epaselect epa05747103 US President Donald Trump (F), with White House chief of staff Reince Pribus (L), counselor to the President Kellyanne Conway (2L),...
SHAWN THEW

What most voters and Trump’s White House aides have in common

About 48 hours after Donald Trump was inaugurated as the nation’s new president, Politico ran a piece quoting people close to him describing Trump as a petulant child. He “gets bored and likes to watch TV,” the article noted, and “aides have to push back privately against his worst impulses in the White House.”

Trump had been in the White House for all of two days.

Soon after, an Axios report quoted presidential aides “jamming his schedule with meetings” in order to keep him distracted. A New York Times report, based on interviews with people close to Trump, highlighted the president’s limitless sense of grievance. A Washington Post report – based on “interviews with nearly a dozen senior White House officials and other Trump advisers and confidants” – characterized him as lazy and petty.

All of these reports were published midway through Trump’s first week in office, which raises all kinds of questions about the president, but just as importantly, they suggest Trump’s own team seems a little too eager to dish to the press about their unprepared boss.

It led Vox’s Yochi Dreazen to raise a good point: many of Trump’s own aides “seem to dislike him as much Democrats do.”
In most administrations, senior White House aides save the most embarrassing stories about the presidents they served for their memoirs. That’s not the case with Trump, whose top aides are already giving reporters reams of damaging information about him.

It’s not entirely clear what those aides hope to gain by painting their boss as a conspiracy-minded, easily distracted, TV-obsessed bully prone to paranoia, feelings of inadequacy, and flashes of blind, irrational anger.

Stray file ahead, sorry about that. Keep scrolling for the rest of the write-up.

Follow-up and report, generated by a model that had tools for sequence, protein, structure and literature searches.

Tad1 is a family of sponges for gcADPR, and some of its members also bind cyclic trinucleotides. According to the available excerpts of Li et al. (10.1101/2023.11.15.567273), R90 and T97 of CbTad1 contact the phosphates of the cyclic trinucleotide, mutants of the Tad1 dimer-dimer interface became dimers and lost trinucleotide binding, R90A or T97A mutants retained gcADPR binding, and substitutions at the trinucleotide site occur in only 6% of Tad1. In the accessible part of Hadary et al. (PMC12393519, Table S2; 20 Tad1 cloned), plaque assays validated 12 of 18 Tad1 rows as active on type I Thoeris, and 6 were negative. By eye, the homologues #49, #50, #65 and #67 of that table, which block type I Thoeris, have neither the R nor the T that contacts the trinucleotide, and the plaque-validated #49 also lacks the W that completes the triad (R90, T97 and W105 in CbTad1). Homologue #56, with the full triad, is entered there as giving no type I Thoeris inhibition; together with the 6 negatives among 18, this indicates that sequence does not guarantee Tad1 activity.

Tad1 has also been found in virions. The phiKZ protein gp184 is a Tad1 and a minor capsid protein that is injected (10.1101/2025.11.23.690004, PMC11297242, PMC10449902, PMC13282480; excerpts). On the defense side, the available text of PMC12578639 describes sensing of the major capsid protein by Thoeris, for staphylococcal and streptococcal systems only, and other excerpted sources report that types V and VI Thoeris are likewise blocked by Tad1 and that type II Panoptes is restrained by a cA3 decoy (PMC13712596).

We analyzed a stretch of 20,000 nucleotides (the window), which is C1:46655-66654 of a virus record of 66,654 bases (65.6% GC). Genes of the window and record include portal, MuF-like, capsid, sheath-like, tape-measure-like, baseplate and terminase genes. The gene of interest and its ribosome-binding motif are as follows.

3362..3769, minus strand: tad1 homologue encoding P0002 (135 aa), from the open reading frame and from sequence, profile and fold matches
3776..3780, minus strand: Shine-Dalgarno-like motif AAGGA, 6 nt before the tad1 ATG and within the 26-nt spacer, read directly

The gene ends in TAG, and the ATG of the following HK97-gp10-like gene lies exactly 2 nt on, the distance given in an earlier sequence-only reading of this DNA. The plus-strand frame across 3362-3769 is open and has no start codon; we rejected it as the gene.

At a certain level, this doesn’t come as too big of a surprise. Throughout his campaign, Trump’s staffers routinely dished about the chaotic cage match at Trump HQ, but I generally assumed the leaks came from aides who expected their candidate to lose.

Now Trump’s the leader of the free world – and staffers wasted no time trashing their presidential boss.

The contrast between this president and his immediate predecessor is incredible. I won’t pretend to have been an insider, hanging out in the halls of the White House, but I chatted fairly often with a number of President Obama’s aides, and each of them always spoke about the then-president with great reverence and respect, even when they knew they wouldn’t be quoted.

It’s impossible to imagine Obama’s staffers telling anyone in media he “gets bored and likes to watch TV,” and “aides have to push back privately against his worst impulses in the White House.”

Maybe members of Trump’s team are blasting him behind the scenes in the hopes the negative coverage will wake him up and make clear to the president he’s on the wrong course. Or maybe there’s no ulterior motive and these folks simply can’t believe how ill-suited Trump is for the tasks at hand.

Whatever the case, The New Republic’s Brian Beutler raised an important point: “Members of the White House are concerned enough about Trump’s capacity to do the job that they’ll leak to prominent reporters, but they’re not concerned enough to muster the courage to tell Trump the truth, or to resign.”

At least, that’s the case after one week. I’m expecting quite a bit of turnover in this White House.


Donald Trump and White House

What most voters and Trump's White House aides have in common